Most Christian preachers do not make much use of the Hebrew Bible. Black church leaders are the main exception to this rule. As a result, many churchgoers know little of the Hebrew Bible beyond a few beloved psalms, the exploits of legendary heroes, and, alas, their certainty that it testifies to “a wrathful God.” Well-traveled parishioners who have had direct experience of many other preachers have confirmed for me how unusual it is for a church to drink deeply from the Hebrew Bible during the worship hour.
Not so in the congregations I have served. There, the Hebrew Bible sounded a major chord along with the New Testament. We journeyed through Genesis and Job, the Psalms and the Samuels, the Song of Songs, Ecclesiastes, prophets major and minor, the histories, and more. Very much hangs on whether a Christian congregation is offered spiritual nourishment from Jewish scripture, or whether, by contrast, silence teaches Christians to ignore Judaism and the Jewish people.
My own journey with this question began in seminary in a crisis not of faith, but of vocation: for a time, I felt impelled to relinquish the aim of becoming a Christian pastor. In spite of the anxiety that attends any passage with “no direction home, like a complete unknown” (as Bob Dylan sang), in that clearing, a path to learning Judaism opened for me. My Hebrew language professor infused lectures and practice with love for the tradition. I studied Hebrew texts with scholars whose knowledge and passion formed one light. I experienced Jewish cultural and religious practices, so far as seemed fitting for a non-Jew. I developed a deep appreciation of Judaism and goodwill and humility toward the Jewish tradition and people. My journey through this landscape revealed to me a mystical path for apprehending truth. It is this: adorned in a thousand names, love bids the lover discover the unknown love. This is the blood in the body of true religion, not the known, but the unknown.
Drawing on these insights, I would like to offer up seven reasons why other Christian pastors ought to join me in preaching from the Hebrew Bible.
Reason #1: Jesus Was a Jew
Not seldom, a Christian reminds others, “After all, Jesus was a Jew.” However elementary, this is the first reason to preach from the Hebrew Bible and the only one many will ever hear. This brief commentary is often offered with gladness by a Christian who wants to emphasize unity with, not separation from, Jews and Judaism. The phrase is also meant to chasten those who seem to think Jesus was sent straight from heaven to earth unburdened with so much as a history lesson about the land he would land in. The ugly fact is that while ignorance of Christianity’s birth within Judaism does not necessarily degenerate into anti-Semitism, anti-Semitism does necessarily feed on ignorance of Jesus the Jew. The preacher of the Christian gospel who cares about the people’s lack of knowledge must keep close in mind the rutted, bloody roads of violence against Jews throughout Christian history—and ride a different road.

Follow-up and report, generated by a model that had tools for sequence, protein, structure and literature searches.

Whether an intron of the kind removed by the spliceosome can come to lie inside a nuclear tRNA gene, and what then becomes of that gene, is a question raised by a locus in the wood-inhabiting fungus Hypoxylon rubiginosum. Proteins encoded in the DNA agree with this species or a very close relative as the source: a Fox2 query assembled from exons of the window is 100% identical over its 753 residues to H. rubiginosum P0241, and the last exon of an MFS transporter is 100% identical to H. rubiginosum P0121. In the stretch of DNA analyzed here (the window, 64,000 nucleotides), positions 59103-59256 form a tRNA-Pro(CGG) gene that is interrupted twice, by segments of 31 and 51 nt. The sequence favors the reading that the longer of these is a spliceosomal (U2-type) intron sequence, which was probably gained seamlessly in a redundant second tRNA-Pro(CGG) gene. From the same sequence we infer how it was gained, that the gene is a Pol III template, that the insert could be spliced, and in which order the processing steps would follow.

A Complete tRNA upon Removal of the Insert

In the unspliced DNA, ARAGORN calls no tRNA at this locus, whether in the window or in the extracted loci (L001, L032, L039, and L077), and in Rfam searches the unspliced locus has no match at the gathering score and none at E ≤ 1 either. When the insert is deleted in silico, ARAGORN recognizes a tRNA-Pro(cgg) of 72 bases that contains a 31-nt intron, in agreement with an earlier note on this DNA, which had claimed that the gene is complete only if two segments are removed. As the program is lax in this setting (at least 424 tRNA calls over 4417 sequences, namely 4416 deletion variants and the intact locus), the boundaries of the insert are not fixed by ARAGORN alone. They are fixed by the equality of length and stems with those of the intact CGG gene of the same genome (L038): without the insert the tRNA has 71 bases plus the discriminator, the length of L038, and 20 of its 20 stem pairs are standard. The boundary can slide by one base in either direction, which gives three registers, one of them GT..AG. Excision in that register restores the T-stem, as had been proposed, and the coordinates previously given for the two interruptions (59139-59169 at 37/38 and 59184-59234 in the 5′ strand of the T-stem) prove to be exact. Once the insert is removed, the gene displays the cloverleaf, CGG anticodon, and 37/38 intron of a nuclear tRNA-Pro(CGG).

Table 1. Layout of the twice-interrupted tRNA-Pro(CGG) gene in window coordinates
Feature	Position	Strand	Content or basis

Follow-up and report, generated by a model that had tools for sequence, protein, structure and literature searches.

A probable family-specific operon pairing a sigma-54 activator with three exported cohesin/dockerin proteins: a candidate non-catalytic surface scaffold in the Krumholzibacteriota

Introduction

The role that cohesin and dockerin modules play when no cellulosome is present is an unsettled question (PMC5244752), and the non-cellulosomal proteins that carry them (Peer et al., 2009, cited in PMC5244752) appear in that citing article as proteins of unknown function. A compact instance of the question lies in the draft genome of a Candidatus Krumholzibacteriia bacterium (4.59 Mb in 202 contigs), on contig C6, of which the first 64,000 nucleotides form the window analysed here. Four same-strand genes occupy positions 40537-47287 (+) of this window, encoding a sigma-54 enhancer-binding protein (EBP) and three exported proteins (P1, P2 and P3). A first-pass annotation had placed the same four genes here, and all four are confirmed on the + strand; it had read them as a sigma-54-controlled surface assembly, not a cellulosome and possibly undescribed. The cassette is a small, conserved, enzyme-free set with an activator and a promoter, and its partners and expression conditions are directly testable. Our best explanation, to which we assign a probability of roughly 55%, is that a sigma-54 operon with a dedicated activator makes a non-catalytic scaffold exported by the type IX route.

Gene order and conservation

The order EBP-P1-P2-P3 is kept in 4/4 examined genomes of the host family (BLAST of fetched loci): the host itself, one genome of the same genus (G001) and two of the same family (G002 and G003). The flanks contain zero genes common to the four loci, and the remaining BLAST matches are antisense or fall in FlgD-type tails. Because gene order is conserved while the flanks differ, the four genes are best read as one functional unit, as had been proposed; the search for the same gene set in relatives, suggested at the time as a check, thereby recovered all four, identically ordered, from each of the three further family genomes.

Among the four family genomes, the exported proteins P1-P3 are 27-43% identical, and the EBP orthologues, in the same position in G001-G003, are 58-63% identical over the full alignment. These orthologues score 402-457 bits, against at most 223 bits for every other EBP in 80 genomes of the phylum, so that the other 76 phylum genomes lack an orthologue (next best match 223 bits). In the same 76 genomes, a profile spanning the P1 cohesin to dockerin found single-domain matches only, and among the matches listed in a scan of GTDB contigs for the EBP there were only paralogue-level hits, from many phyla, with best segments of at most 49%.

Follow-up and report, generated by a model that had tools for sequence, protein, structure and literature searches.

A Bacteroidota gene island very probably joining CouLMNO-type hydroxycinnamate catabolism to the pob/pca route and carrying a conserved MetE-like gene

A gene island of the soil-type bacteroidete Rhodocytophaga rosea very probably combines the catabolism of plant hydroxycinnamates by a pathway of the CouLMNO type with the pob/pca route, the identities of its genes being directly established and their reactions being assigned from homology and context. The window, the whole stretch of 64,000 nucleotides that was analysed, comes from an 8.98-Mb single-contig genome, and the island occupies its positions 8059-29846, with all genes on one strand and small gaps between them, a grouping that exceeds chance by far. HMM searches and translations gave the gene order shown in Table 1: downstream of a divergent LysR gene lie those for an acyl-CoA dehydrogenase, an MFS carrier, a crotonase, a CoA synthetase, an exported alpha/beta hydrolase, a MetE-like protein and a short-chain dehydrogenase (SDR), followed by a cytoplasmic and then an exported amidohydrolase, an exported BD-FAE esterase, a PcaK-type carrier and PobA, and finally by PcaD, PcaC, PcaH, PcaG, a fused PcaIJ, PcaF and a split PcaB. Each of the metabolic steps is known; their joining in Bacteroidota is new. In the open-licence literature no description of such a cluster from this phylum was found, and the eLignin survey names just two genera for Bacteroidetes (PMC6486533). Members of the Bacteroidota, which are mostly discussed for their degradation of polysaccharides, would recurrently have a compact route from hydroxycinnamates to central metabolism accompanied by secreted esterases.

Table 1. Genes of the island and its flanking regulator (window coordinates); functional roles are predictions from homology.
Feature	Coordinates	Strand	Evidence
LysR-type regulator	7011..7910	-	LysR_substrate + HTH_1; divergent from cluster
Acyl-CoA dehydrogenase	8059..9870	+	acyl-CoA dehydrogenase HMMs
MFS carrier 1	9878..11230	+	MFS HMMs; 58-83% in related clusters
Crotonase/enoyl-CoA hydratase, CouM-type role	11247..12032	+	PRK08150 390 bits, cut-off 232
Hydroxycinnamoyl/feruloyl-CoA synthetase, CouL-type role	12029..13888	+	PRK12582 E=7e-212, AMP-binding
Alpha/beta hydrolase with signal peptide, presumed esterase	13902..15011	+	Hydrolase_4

Preachers need not shame people for their fears and ignorance. This only drives the fears deeper, which are better left by the wayside. Preaching frequently from the Hebrew Bible can clear a path along which anyone unused to seeing Jesus as a Jew can simply join in celebrating the manifold voices of the Jewish people’s devotion. These are beginning steps in wisdom for a Christian. In my experience, those who first took these steps long ago seem not to mind retracing them. A vaster prospect beckons.
Reason #2: Jesus’s Bible Was the Hebrew Bible
In the New Testament, Jesus speaks several times of “what is written in the law and the prophets.” If a preacher teaches that this phrase refers to the Hebrew Bible, the people learn a little something. If, however, a preacher teaches directly from “the law and the prophets,” she can propose a great deal more. Provided the preacher does not force the texts to point to Jesus, teaching from the Hebrew Bible invites Christians to learn something of what lay in Jesus’s heart and mind—to step in paths of thought in which he stepped. It invites Christians to “remember that you were a slave in the land of Egypt, and the Lord your God brought you out from there.” It invites Christians to see in Jeremiah and Ezekiel models of how a prophet acts and speaks in public. It invites Christians to “let my tongue cling to the roof of my mouth, if I do not remember you” as “we tried to sing the Lord’s song when we remembered Zion” and to long that “instead of the thorn, there shall come up the cypress; instead of the brier, myrtle; that it be to the Lord a memorial, an everlasting sign that shall not be cut off.”
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